Now guess why am talking all these things now is coz of late am hearig news in western media about Greece having budget deficit of over 13% and more...and also they fudged statistics to enter in Euro Zone..and there is also talking going about Euro going down...that inturn will make Dollar also low at some point...this is indeed is sensed by Chineese i guess and they quietly did a a monetary tightening today ..which inturn is warning to normal investors to not to go for risky assests like equities..And this effect is seen in Dow going down by 1%..will see what our nifty will do on monday...

Wednesday, January 6, 2010

Domino Effect

Just got this into my mind ..--what are the effects of printing money by govt (they gave a nice word called stimulus) is going to show effects on common man...we can think of increase of purchase power which inturn lead to increase in price of items ..which inturn will make farmers or industries to supply that product to market there by stopping the production of item/crop which is giving less margin..which inturn will lead to demand-supply mismatch....which again will lead to price rice...but for this viscous circle is going move on

oops..i havent talked about Domino Effect time now..will post it sooner
Pradeep Reddy Lekkala

Thursday, November 26, 2009

E-Voting rights

Here is a news item which gives voting rights to minority shareholders.

Shareholders of a company can now cast their vote electronically on company resolutions through an Internet-based e-voting platform. The e-voting platform for corporates was inaugurated by Mr Salman Khurshid, Minister for Corporate Affairs, at a function organised by the Bombay Stock Exchange (BSE) and Central Depository Services Ltd.

"It is a major step forward that would bring more transparency to the system," Mr Khurshid said, adding that he wished the same could happen in the election of political representatives as well.

Dont know how much it can protect minority investors

The e-voting platform has been developed by CDSL Ventures Ltd (CVL), a wholly-owned subsidiary of Central Depository Services Ltd (CDSL).

"The e-voting system will empower shareholders to participate in the decision-making process of companies in which they have invested, thus making their vote count," Mr S.S. Thakur, Chairman of CVL, said.

During the voting period investors can cast their vote by visiting the Web site ( and log on using their demat account number and permanent account number (PAN) and password.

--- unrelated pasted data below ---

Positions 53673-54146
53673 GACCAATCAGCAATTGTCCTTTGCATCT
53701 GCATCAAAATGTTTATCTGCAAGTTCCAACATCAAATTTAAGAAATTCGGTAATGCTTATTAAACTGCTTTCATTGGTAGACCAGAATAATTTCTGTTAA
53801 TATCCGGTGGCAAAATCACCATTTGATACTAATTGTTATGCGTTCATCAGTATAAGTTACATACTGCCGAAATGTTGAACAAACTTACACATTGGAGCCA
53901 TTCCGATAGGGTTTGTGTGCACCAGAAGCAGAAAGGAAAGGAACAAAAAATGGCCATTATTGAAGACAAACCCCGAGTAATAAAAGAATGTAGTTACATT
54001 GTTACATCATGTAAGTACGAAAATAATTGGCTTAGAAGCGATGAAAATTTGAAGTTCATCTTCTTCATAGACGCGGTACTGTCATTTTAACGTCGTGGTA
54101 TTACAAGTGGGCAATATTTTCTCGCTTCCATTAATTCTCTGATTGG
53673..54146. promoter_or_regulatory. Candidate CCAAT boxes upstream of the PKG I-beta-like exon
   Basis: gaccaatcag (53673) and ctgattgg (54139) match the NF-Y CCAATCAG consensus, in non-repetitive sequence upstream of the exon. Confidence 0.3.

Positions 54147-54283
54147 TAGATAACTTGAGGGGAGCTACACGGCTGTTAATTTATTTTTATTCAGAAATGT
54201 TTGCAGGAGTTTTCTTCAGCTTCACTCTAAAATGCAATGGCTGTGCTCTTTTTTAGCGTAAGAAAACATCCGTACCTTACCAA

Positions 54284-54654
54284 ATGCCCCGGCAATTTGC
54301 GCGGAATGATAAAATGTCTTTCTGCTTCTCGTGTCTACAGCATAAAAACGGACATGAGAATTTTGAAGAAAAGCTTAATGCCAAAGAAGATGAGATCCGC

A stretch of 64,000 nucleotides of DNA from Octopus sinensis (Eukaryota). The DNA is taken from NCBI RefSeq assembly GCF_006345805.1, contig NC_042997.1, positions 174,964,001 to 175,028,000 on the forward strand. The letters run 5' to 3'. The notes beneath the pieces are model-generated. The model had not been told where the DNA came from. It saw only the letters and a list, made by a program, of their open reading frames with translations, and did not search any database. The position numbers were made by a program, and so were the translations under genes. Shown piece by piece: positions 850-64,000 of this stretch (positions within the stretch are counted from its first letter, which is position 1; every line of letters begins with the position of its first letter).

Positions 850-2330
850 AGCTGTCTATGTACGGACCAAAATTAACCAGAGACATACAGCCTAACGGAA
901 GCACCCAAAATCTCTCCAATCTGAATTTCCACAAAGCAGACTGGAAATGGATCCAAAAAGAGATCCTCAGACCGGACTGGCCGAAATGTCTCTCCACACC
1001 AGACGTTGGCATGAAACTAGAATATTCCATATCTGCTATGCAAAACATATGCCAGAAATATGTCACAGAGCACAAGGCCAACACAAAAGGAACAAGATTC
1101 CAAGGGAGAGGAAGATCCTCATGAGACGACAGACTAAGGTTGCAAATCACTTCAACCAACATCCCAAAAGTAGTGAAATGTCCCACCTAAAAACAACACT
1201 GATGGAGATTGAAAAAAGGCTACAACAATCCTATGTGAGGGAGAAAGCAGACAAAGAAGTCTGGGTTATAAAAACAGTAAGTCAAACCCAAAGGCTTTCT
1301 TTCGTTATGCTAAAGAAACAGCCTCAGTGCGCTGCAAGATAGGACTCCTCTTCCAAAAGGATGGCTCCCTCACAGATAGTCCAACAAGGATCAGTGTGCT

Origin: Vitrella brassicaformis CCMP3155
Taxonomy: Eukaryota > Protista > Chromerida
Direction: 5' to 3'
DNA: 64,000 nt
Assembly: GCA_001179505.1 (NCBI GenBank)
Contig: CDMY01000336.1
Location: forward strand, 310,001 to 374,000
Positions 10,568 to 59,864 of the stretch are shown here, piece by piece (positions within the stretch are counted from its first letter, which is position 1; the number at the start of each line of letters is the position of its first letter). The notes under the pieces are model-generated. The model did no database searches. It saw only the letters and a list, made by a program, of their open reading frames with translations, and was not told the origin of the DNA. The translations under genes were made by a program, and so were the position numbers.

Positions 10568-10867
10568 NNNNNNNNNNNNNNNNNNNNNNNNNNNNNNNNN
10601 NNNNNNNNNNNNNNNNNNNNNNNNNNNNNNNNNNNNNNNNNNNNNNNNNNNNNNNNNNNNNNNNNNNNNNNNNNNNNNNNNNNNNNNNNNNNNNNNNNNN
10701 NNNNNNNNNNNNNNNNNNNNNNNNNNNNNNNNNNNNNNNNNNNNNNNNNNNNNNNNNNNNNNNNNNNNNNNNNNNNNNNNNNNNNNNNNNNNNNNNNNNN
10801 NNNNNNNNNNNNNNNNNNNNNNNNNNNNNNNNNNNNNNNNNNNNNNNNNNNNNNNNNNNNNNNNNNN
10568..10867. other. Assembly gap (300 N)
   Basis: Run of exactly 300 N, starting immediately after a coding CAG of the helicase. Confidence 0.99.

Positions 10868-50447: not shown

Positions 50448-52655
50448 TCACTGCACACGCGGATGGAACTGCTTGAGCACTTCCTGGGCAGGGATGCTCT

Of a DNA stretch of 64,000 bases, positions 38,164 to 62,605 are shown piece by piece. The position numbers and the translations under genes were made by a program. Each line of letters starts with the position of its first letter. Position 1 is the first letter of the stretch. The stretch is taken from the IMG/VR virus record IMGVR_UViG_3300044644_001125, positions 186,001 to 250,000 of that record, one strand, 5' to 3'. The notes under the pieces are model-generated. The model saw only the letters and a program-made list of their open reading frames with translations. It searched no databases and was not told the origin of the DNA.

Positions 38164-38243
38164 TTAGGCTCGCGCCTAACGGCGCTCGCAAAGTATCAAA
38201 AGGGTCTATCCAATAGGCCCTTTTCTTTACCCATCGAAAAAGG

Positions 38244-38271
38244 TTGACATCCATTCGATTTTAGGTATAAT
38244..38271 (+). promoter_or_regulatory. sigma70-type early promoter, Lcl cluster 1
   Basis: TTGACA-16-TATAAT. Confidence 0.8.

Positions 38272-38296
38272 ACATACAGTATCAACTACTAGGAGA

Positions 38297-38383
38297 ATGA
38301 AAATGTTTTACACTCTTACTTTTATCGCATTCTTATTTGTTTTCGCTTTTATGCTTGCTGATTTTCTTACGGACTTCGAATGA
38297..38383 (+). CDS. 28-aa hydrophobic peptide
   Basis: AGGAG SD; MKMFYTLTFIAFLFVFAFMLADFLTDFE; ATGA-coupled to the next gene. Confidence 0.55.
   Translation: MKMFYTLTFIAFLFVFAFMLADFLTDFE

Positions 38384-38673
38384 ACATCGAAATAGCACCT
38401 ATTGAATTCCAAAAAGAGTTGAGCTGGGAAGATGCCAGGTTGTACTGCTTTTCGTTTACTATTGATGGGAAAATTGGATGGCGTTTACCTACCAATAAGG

how will be sending me the password? can that be changed ? Need to look it .

Companies would benefit from this system as the remote voting process would also result in savings on various cost overheads, which are currently incurred for postal ballot.

Pradeep Reddy Lekkala

Wednesday, November 25, 2009

Boom Boom Gold

Whaooo ..just heard a rumor in market that RBI is going to buy gold once more..Reason they know that dollar is going to come down in near future and all there dollar denoted assets are going to come down, so inorder to hedge it they are buying the gold ,so that any increase in gold value should counter with dollar dropping .Question is how much Gold should RBI buy to counter the dollar free fall atleast for near term.

Will explain with facts in coming posts

Saturday, November 21, 2009

understanding of dollar inflows

Here is a article which i took from economic times clearly explaining about the effects of dollar inflows

Its raining dollars in India. Such a dollar deluge can be quite harmful. Here is how. When a foreigner Joe invests $100 into the Sensex,

he first needs to convert his dollars to rupees. So, let's say the exchange rate is 47, which means 100 dollars becomes Rs 4,700.

After a couple of months the Sensex rises by 10 per cent (it's hot right now, and that's why Joe is putting his money ). The investment of Rs 4,700 becomes Rs 4700 + Rs 470 = Rs 5,170. At this point, dollars coming into the Indian economy have made the rupee stronger, so that the exchange rate is now 46 instead of 47.